Knowingly blocking a road with no exit is really no different to a person blocking you from leaving a building. And if that occurred, it would be treated as unlawful restraint.

  • RD457FF22H

    How is expecting demonstrators to stay out of the way of an ambulance or fire truck a restriction on freedom of speech?

  • Joshua K.

    Whoever was responsible for blocking the bridge deserves to get sued. But it’s not clear to me why the university should be held responsible for that, other than that it has deep pockets.

  • skullbreathe

    The demonstrators will say it was within their free speech rights to block the freeway. Ask them if they also feel the same away about demonstrators who block abortion clinics. Same circumstances; you’ll get a different answer.

  • Karen

    Next time, one of the motorist should scream ” I am on my way to have an abortion! Let me through!”. It will be amusing to see lefties spin themselves into to a tizzy of which extremist group they should appease.

  • Rebecca

    Remember that time a bunch of white activists blocked all traffic on the Golden Gate Bridge to protest against the lack of funding for AIDS? I wonder who threatened to sue them?

  • Rebecca

    Did you actually ask any of the participants? Or are you just poking at straw men? I thought so!

  • Karen’s friend

    Amen to that

  • Guest

    A 3 year old girl needing medical attention at a hospital.

  • TheCardinalRules

    The students who participated in this protest should be charged with violating the Funadmental Standard and disciplined accordingly. Maybe a quarter at home would knock some sense into them.

    It is one thing to express your viewpoint, which they have every right to do. It is another to do so in such a reckless and irresponsible manner. Their act is an embarrassment to the University.

  • guest

    Right, anything and anywhere that anybody who’s affiliated with Stanford does, is something that concerns the University and therefore has to be investigated for possible disciplinary violations and needs accordingly punished. That should include talking/texting on your cell phone while driving in, say, Connecticut over winter break, stealing candy bars in Milwaukee, slapping your boy friend, and while we’re at it, also underage drinking while you’re abroad. Never mind that the drinking age may be lower in other countries, Stanford disciplinary rules and regulations follow you off campus.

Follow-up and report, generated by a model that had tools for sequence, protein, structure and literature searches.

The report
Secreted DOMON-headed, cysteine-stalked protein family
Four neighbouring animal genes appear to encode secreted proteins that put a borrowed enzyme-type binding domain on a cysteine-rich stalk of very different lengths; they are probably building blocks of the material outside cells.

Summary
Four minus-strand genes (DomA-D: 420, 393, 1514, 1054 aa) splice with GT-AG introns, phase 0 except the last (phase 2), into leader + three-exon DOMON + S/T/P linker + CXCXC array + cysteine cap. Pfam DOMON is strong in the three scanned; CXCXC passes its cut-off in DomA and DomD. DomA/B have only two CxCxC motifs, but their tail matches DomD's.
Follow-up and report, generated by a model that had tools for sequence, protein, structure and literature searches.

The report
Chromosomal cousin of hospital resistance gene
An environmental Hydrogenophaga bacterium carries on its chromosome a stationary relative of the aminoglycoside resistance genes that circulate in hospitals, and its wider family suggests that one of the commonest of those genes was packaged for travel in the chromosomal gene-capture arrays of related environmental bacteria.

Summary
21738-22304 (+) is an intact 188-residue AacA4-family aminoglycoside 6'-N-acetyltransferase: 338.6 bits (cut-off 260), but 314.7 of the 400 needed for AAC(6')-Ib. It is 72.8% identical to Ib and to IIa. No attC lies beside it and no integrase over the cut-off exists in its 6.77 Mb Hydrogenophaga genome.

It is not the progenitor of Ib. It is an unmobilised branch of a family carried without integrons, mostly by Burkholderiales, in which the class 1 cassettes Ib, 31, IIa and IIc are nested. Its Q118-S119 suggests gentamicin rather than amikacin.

• Anonymous

    No protest should ever cause bodily harm to another person. I am abhorred that the students did not think about the consequences of their actions. MLK would be ashamed that students did this in his name–“civil disobedience” refers to non violence, but also implied in that is that there is no physical harm as well. To block a bridge with no exit, and to not take into account where people were going to–not only was a child in medical distress, but who knows, maybe someone did not get to say goodbye to a loved one due to their actions? I am in support of freedom of speech, but to (unintentionally, albeit) harm another person through a demonstration is wrong and shameful.

  • ThisIsPalestine

    Then if you guys are so sure you’re right, go ahead and go to jail.

  • alum

    Please re-read the Fundamental Standard and civil rights history and the statements of these students. I hope you can be open-minded and reflective enough to come to realize they were acting in full accordance with the Fundamental Standard. What better way to commemorate Martin Luther King Junior day than to demonstrate for civil rights in an action of non-violent direct action civil disobedience and to get arrested on a bridge. I, in fact, believe that attacking or threatening these noble students would violate the Fundamental Standard.

  • alum

    You’re kidding, right?

  • alum

    I suspect the demonstrators would have assisted ambulances and fire trucks: that is the nature of these noble people who engaged in this non-violent demonstration trying to make this world a better place. I know of no ambulance or fire truck or request for assistance. Please reconsider your biases that led you to make your unfavorable assumptions about these people.

  • alum

    What assumptions you make. Did they cause collisions ( I think you were thinking of “collisions” when you used the word “accidents”) or were there other causative factors involved in those collisions? If there was someone who needed to be in the hospital, did they make that need known? Certainly there were many highway patrol personnel who could have assisted in response to that need, had it been known. Please reconsider your your biases ….

  • alum

    actually, I think people were arrested both for what they were saying and for how they were saying it. I don’t think facts support your allegation that a demonstration on the side of the freeway would have been well heard. In fact, the lack of attention by most media to the many demonstrations on that day and the fact that this message is still needed in 2015 raise questions of just how important issues should be brought to the attention of so many people who seem not to want to consider them.

  • alum

    Please, everyone. Please think before you rush to judgement. Please think before you comment. Thank you.

  • My thoughts

    It seems you’re being sarcastic, but perhaps you should read the Fundamental Standard again. It includes actions “within and without” the University. It doesn’t get much clearer than that.

    Now, you could make the argument that what students do off campus is between them and the pertinent authorities. But these hooligans were advertising the fact that they were Stanford students– they had Stanford gear on and they published articles and posted on social media as Stanford students, not everyday citizens.

    Stanford gives these students an education, a diploma, and a lifelong membership into the alumni network. In return, these students not only have to pay some money, but do the work needed to pass their classes AND represent themselves and the University in a proper light.

  • Guest

    Are these students being punished? Sued? Fined? Anything? This is ridiculous.

  • thanks for the info it , we as human beings must respect each other and concrete examples in the online world is the best to exchange comments . may god bless ingsaalloh